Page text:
A live in nanny usually but not always has some childcare qualifications or at least childcare experience and will live with the family on a full time basis, consequently you will need to provide a separate bedroom for privacy. Nannies only tend to do whatever housework is associated with the children. Primarily they are a citizen of your country and work longer hours than an au pair consequently it is a more expensive option.

Journey of a live in Nanny
A good read for a Live in Nanny

Live out nannies have their own accommodation consequently choose to live out an present themselves for work at your home at an agreed time. They then perform the same duties as a live in nanny.

Weighing up the pros and cons of a live in nanny or an au pair as the main providers of your childcare is something you and your family should give a lot of thought to.

If you want a few reasons why a live in nanny can be the better solution – read below:

 

  • Most nannies applying for your childcare position will either be locals or from your or a neighbouring county, therefore, it is easy to arrange face to face meetings and also to determine how they interact with your children.
  •  A nanny will speak your language thus eliminating the language difficulties associated with an au pair and as I mentioned earlier you also have the opportunity to have one or indeed a number of face to face interviews.
  • Most au pair interviews are done by Skype or phone as the au pair lives in a foreign country consequently will not travel until they have secured a job with a host family. This can be a risk as it all depends on your judgement call based on Skype or phone calls. Much of this can be eliminated by going through an au pair agency but this can be costly.
  • Nannies tend to have a childcare qualification and references and other background checks are readily available.
  • With an au pair there can sometimes be a language barrier as au pairs are form foreign countries.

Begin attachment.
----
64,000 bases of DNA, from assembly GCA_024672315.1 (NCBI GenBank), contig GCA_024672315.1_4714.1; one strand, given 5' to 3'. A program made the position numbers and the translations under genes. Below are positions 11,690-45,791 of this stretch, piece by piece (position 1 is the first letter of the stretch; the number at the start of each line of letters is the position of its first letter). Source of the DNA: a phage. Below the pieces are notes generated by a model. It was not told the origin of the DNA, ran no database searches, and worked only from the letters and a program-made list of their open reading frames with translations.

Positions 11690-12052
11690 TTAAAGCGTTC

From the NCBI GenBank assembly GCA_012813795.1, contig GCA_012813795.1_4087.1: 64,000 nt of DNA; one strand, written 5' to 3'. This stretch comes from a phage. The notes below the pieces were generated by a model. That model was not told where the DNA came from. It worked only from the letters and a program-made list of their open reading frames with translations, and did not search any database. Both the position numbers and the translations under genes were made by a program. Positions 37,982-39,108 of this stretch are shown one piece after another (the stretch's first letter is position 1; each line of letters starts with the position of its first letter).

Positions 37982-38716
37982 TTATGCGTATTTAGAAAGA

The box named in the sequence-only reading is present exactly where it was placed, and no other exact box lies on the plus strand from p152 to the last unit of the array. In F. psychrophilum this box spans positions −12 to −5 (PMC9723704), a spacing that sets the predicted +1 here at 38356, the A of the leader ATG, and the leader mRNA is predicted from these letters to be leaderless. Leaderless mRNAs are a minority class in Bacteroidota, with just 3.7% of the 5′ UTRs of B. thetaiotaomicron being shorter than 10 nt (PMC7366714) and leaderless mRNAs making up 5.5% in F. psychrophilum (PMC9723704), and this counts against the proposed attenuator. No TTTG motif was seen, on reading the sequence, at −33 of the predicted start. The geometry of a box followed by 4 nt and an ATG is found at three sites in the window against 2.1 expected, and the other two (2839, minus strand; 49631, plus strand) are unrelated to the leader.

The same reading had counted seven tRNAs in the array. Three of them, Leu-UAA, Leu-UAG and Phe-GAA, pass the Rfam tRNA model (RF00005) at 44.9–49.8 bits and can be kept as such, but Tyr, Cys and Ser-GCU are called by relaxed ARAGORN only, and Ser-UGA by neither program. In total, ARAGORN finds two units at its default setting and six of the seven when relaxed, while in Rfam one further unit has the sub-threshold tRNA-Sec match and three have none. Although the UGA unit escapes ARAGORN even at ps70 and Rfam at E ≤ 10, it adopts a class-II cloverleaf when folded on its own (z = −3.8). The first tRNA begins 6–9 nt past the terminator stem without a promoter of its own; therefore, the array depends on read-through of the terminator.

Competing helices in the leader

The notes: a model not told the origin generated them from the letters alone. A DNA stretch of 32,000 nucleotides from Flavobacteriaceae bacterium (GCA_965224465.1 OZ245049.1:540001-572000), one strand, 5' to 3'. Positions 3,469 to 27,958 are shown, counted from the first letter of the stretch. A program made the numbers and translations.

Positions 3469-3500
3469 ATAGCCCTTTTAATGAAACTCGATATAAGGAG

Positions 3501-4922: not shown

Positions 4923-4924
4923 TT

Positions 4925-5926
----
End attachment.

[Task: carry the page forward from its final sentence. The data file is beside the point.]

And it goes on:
• You can build into a live in nanny contract such as cooking for adults in addition to the children but it will cost you more. It is however an option.

Once you have made the decision to opt for a live in nanny over an au pair, day care or housekeeper you can go it alone or use a local nanny service. Once a short list has been drawn up and you are at the interview stage what exactly should you ask? The interview is the most important phase as not only will this person be looking after the welfare of your child or children but she will also be living under your roof, so it is of utmost importance that you can work and live together under the same roof.

When you and your partner have held an initial interview or have a good feeling about a nanny it can help to arrange a further interview at which your children attend. You can then gauge how both the prospective nanny and your children react to each other.Your first impressions are very important so don’t ignore your instincts or your children’s.

Before the interview you should have your mind made up about the basics and what exactly you require from the nanny – along the lines of:

 

  • The questions you want to ask – don’t just think on the spot – after all you are entrusting your children’s care and safety to this person.
  • Working hours plus babysitting requirements. Will she be paid for any surplus hours or babysitting duties? If so how much – iron all out in advance.
  • Nannies duties – go through a daily schedule of requirements.
  • Salary and holiday entitlements- will she be paid while off?
  • Eating arrangements and cooking duties.